Europe Sneezes, India Catches a Cold
Europe Sneezes, India Catches a Cold
The on-again off-again euro summit in Brussels has bought some time for the embattled currency by writing off half the Greek debt and setting up a $1.4 trillion rescue fund. But it won't be able to fend off vultures circling over a weakened euro for long unless it can convince the markets that the fund and, more importantly, reforms promised by Greece and Italy are real. Otherwise the debt crisis will return to shake the edifice of European unity. The difficulty in reaching a definitive agreement for averting this disaster confirms a truth: when push comes to shove, local politics always trumps global cooperation. But as Europe goes through the coming ordeal – which could be long and painful – another truth will also be relearned: there is no alternative to global cooperation.
The crisis in the eurozone that began last year with the revelation of Greece's hidden debt burden has continued to buffet the 17 countries that embraced euro as their common currency. It has become increasingly clear that the common monetary policy without fiscal coordination has swept under the carpet the gaping differences between the member countries' respective economies and allowed poorer and mismanaged members like Greece to go on a borrowing binge. Those who loaned the profligate Greeks money – mostly European banks – are also to blame. This week`s move was in response to an existential threat to the eurozone, which had been further exacerbated by the danger of a government collapse in Italy, also groaning under a ballooning debt.
Under the severe austerity regimen imposed by the creditors and eurozone financiers, Greece has laid off thousands of workers, cut salaries, pension and benefits - producing nationwide protests. Meanwhile, the failure of Italy's Silvio Berlusconi-led coalition government to adopt economic reforms has brought threats of being entered into "special administration" by Brussels. Under threat of denial of support, Berlusconi managed to obtain provisional support from his hardline coalition partner Northern Alliance, which is opposed to reforms like raising retirement age from 65 to 67 years. Underlying the Greek and Italian resistance to the bitter medicine of reform is their concern about losing sovereignty to nameless, faceless Eurocrats.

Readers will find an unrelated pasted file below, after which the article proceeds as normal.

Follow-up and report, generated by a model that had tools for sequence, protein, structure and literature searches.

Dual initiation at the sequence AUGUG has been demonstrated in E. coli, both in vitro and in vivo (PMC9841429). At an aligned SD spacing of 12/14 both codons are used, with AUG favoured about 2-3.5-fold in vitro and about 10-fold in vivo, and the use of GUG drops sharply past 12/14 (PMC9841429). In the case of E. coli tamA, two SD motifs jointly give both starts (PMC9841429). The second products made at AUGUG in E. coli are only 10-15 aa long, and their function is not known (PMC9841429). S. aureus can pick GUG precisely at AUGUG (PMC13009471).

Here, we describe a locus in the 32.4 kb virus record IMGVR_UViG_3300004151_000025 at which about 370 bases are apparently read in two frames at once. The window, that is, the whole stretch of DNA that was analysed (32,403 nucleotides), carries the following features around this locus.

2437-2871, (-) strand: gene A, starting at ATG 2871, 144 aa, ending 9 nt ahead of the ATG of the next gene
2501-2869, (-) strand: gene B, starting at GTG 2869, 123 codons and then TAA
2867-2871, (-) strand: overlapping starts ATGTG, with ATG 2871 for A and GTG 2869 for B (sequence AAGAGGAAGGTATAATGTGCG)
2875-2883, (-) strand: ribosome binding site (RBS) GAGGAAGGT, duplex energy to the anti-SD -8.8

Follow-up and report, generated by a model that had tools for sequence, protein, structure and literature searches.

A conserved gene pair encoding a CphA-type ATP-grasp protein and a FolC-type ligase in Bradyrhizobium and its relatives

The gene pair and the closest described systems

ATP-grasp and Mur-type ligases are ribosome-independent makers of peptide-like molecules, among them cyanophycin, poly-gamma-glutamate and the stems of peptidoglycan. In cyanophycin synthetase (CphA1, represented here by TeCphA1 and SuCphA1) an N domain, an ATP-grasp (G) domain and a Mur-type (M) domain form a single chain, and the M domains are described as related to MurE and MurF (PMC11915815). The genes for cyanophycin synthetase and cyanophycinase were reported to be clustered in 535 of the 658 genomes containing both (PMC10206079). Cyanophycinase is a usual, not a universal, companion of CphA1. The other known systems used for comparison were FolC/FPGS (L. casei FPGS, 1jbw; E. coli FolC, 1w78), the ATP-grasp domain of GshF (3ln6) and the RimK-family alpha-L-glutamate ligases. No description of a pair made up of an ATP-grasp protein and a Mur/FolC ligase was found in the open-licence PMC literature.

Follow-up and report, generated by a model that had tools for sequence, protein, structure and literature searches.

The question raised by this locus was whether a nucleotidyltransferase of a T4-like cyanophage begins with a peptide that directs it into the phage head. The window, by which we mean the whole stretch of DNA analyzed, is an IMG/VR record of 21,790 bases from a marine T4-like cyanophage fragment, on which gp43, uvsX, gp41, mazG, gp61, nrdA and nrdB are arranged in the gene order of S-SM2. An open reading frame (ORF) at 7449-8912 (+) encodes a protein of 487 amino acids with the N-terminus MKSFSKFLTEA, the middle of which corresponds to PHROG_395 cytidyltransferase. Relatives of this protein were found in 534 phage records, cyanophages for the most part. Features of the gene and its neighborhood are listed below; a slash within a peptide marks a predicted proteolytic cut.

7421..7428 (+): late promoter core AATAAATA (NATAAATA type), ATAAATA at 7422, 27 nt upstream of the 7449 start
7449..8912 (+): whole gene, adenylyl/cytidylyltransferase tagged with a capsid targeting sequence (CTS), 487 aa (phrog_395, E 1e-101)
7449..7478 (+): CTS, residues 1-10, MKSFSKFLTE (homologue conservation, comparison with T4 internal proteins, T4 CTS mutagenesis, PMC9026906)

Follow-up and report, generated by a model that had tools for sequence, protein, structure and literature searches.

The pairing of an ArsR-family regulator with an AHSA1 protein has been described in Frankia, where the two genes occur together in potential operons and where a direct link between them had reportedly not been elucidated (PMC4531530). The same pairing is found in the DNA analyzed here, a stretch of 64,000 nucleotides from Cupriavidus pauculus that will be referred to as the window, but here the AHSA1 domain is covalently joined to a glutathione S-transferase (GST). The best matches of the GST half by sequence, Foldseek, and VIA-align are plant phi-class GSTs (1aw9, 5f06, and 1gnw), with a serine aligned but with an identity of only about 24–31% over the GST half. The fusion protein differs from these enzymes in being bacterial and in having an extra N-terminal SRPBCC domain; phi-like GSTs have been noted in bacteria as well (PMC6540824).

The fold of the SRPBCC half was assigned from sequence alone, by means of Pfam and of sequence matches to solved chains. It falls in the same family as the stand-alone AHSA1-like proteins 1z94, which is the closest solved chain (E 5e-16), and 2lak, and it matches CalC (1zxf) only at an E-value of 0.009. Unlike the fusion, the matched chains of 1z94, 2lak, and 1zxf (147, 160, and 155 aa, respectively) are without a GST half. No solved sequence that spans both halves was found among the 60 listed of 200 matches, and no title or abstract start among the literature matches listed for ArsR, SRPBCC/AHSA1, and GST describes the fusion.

It is the same concern about sovereignty that for so long spurred German parliamentarians to refuse to bankroll an open-ended eurozone bailout. Without Berlin's participation, the creation of a European financial stability facility, in essence a bailout fund for European sovereign debt, is impossible. The last-minute assent by the parliament cleared the path. Although the French president has a freer hand, Nicolas Sarkozy, with his disastrously low job rating and facing an election in six months, has been reluctant to commit large-scale state funds. The triple-A credit rating that French sovereign debt clings to by a thin thread would be cut by linking state coffers to an open-ended bailout fund – an unfortunate development for Sarkozy if it were to happen before the elections.
The temporary solution offered by the Brussels summit is unlikely to successfully ride the gathering storm. Investors are broadly unconvinced that member countries are prepared to set aside their sovereignty concerns and political autonomy. Among others, Mediterranean countries will have to trade their old habits of long summer vacations and early retirement for economic stability in a united Europe. They might even need a bigger economic shock than they have experienced so far in order to agree to part with a bit more of their sovereignty for the sake of common prosperity.
The euro was supposed to be an important step towards the creation of one Europe, ending centuries of rivalry and hostility. If the currency were to collapse it could bring an acrimonious divorce, raising both tariffs and immigration walls – a disaster not only for Europe but also for India and other countries who benefited from the rise of the European Union.
The inevitable shrinking of Europe`s banking sector and drastic fall in growth will affect India's economy in many ways. Despite the high visibility of Indo-US relations, only 10% of Indian exports this year went to the US while 18% were absorbed by the European Union. Major Indian companies that acquired assets in Europe and moved production there may also suffer. In the interconnected world, the adage that when Europe sneezes India catches a cold, could not be truer.